There is another recently published roadshow book: Matthew Kennedy’s “Roadshow! The Fall of Film Musicals in the 1960s.” As well, in 1998, Widescreen Review magazine published in one of their special edition issues a lengthy article on roadshows, which included titles not mentioned in Holston’s (and, naturally, its share of questionable claims), but nevertheless essential reading for anyone with a serious interest in the subject.

I doubt Holston could give us any playdate info on “Gypsy.” If he had any he would’ve surely included it. Personally, I think he is under the mistaken impression “Gypsy” was a roadshow simply because of the presence of an overture on the album.

I’ve interview Holston a couple of times, by the way, the most recent being for the 50th anniversary of “The Sound of Music,” which can be read here. FYI: the article is a four-pager (two pages devoted to a historian Q&A and another two devoted to the film’s roadshow exhibition history). I hope you and any others with an interest in the subject will enjoy it.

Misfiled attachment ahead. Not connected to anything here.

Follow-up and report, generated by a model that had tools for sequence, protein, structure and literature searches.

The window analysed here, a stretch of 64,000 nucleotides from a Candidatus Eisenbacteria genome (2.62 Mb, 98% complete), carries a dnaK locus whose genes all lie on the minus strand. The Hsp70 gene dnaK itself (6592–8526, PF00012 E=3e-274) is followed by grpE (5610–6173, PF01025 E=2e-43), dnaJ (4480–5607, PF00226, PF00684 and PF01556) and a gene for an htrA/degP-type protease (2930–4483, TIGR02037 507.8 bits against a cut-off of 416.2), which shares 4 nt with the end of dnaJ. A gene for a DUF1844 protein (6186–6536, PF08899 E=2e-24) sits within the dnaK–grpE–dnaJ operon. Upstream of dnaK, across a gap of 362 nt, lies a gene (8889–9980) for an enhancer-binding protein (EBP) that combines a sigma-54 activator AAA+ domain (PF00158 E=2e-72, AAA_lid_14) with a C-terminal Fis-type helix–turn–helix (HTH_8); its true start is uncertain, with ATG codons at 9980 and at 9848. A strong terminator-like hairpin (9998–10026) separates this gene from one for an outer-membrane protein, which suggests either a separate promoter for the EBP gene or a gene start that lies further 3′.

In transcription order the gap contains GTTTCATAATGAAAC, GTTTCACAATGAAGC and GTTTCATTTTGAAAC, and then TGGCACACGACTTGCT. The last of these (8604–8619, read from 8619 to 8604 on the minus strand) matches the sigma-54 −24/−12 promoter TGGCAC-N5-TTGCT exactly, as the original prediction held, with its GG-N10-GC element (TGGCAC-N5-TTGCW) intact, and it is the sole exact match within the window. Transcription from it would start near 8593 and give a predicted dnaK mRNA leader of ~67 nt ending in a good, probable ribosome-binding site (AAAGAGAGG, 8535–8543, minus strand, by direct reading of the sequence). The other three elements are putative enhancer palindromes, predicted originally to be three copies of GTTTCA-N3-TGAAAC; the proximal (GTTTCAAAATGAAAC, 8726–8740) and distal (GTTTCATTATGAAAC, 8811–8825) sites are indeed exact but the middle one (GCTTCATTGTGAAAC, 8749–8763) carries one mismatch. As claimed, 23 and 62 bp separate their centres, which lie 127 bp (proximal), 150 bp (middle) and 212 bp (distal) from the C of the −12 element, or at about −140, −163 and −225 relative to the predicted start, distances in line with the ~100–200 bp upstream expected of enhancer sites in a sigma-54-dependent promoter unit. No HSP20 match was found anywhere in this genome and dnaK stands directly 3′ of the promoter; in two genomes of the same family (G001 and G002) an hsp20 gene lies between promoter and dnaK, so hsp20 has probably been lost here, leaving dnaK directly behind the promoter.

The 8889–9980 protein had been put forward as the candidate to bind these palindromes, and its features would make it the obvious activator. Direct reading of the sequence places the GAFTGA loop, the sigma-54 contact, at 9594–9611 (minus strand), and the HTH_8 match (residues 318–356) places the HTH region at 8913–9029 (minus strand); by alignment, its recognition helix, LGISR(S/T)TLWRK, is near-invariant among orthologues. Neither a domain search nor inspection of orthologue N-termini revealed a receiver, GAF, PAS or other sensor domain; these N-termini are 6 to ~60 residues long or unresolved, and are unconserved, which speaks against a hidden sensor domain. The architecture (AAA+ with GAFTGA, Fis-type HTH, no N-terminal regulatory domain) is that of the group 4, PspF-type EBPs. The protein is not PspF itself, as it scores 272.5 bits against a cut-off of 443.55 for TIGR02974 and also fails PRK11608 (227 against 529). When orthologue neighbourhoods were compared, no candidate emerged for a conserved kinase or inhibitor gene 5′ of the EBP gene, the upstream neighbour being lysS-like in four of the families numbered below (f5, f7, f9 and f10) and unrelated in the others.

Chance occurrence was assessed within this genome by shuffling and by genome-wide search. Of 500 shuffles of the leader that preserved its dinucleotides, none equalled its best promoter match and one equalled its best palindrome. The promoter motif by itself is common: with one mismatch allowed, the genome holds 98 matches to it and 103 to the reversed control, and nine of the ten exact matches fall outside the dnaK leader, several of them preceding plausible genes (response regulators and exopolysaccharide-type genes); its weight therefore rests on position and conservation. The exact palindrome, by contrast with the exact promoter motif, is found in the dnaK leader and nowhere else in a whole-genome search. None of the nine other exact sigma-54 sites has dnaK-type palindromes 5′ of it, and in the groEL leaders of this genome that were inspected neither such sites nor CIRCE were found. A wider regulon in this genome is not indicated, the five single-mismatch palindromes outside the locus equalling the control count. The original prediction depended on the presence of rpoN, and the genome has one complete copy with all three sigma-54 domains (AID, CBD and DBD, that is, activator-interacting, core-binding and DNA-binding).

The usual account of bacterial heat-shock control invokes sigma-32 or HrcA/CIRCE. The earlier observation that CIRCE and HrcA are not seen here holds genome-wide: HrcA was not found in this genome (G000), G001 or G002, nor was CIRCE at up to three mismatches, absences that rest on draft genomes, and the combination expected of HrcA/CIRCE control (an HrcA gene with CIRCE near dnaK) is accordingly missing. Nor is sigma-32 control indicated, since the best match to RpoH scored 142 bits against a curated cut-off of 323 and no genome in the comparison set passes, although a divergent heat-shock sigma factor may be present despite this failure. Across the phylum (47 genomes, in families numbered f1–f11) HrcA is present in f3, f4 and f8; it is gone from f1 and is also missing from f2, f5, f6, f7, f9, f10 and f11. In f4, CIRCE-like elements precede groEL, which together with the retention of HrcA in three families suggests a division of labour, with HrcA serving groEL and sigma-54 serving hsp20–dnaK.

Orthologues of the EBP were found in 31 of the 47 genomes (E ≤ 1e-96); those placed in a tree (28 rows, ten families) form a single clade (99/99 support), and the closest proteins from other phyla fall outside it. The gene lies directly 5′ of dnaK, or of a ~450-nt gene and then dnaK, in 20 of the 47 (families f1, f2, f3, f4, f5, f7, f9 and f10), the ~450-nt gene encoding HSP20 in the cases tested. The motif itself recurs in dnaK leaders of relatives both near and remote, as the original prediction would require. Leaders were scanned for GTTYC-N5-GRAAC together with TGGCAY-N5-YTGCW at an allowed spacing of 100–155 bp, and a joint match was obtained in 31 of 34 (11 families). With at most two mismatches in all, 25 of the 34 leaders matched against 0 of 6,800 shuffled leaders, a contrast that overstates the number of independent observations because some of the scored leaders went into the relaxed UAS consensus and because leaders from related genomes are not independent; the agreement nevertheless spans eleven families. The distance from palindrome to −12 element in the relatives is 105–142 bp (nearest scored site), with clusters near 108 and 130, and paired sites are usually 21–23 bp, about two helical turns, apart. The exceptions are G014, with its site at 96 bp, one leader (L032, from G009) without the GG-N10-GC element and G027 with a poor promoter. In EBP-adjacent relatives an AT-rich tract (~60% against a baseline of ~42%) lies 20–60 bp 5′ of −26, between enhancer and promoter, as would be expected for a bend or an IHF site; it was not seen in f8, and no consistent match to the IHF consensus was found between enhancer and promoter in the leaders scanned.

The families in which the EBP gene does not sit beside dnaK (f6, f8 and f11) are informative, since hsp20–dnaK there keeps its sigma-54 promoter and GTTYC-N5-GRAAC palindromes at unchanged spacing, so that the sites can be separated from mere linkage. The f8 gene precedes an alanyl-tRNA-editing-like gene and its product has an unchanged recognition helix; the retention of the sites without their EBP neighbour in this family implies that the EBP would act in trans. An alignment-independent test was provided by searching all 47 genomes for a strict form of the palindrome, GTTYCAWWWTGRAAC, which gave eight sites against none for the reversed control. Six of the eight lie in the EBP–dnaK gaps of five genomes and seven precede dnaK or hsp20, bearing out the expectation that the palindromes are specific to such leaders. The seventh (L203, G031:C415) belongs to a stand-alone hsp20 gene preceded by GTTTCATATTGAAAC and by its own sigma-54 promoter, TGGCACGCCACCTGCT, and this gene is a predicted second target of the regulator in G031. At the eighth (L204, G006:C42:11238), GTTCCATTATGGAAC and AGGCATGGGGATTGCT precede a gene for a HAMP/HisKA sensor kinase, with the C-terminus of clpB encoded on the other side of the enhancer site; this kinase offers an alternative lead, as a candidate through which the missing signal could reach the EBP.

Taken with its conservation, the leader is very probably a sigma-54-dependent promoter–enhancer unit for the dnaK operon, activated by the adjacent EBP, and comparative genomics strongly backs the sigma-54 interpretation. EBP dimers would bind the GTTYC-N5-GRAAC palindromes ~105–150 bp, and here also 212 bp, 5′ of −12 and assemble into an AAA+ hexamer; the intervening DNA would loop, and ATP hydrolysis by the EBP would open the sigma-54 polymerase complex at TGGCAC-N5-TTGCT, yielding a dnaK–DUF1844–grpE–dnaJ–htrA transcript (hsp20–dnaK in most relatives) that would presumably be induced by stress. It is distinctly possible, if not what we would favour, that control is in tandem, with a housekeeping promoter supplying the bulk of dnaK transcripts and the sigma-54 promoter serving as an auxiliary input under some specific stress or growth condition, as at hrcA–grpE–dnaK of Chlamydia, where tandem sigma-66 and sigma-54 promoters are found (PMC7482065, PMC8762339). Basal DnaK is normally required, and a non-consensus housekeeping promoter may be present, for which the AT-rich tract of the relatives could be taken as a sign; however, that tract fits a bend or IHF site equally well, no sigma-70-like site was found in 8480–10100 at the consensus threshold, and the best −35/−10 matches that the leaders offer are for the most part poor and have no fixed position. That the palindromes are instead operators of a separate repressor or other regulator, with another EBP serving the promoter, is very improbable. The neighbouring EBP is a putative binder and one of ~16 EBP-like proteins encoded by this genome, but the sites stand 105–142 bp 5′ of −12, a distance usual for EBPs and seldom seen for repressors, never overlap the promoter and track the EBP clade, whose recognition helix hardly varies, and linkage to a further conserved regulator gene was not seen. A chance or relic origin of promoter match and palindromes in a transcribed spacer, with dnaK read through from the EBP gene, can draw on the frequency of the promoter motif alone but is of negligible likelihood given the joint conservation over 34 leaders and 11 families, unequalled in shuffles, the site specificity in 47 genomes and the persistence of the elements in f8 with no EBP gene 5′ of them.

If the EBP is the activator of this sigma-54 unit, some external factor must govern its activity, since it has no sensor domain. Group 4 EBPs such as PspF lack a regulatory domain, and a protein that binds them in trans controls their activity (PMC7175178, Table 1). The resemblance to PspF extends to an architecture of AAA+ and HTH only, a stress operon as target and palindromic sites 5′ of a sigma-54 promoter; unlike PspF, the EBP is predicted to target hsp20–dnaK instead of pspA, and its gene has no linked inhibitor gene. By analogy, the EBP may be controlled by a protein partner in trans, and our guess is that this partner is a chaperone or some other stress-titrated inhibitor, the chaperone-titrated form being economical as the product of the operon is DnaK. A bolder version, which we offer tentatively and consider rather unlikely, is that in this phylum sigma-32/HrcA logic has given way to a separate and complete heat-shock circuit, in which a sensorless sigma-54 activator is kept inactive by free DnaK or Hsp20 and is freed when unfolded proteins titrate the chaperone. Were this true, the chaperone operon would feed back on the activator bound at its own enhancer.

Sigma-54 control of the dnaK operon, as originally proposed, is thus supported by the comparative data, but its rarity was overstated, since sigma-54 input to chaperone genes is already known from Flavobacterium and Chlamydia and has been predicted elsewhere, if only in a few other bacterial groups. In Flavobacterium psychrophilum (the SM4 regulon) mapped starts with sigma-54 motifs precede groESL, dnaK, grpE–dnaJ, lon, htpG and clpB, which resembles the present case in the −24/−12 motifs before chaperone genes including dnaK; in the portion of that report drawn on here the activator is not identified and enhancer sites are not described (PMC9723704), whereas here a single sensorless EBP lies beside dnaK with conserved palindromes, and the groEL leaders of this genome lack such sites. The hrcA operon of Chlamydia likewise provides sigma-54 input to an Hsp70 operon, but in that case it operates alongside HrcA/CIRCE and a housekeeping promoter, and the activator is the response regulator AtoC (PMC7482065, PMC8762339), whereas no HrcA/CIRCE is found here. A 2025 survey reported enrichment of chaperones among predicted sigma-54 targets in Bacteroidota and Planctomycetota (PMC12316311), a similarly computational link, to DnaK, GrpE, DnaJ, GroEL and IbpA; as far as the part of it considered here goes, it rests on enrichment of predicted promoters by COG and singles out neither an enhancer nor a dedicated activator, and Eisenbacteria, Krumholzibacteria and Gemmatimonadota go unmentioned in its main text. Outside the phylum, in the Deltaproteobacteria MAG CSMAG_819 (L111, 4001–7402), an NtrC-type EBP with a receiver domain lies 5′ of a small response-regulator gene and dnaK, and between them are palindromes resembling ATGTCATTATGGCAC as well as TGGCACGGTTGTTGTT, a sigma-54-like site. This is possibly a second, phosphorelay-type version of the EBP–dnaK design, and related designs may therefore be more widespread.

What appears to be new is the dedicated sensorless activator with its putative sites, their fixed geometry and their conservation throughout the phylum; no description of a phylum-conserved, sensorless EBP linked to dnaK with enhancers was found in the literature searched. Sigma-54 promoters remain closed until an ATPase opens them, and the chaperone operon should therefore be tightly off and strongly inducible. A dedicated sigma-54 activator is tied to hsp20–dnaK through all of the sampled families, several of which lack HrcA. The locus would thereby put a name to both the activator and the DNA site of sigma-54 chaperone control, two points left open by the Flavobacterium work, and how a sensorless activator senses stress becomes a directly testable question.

bigjoe59 on March 8, 2015 at 5:46 pm

to Coate-

I suppose you’re right and that the modern roadshow era as I call it should start with the release of This Is Cinerama Sept. of 1952 and not the Oct. 1955 opening of Oklahoma.

likewise I suppose The Last Tango in Paris should be considered the last prime roadshow by a big company namely United Artists which also released Man of La Mancha. but Apocalypse Now and The Deer Hunter’s exclusive Manhattan runs were actually reserved performance engagements not traditional reserved seat ones. likewise Napoleon’s engagement at Radio City Music Hall was a special limited run not part of a wide release.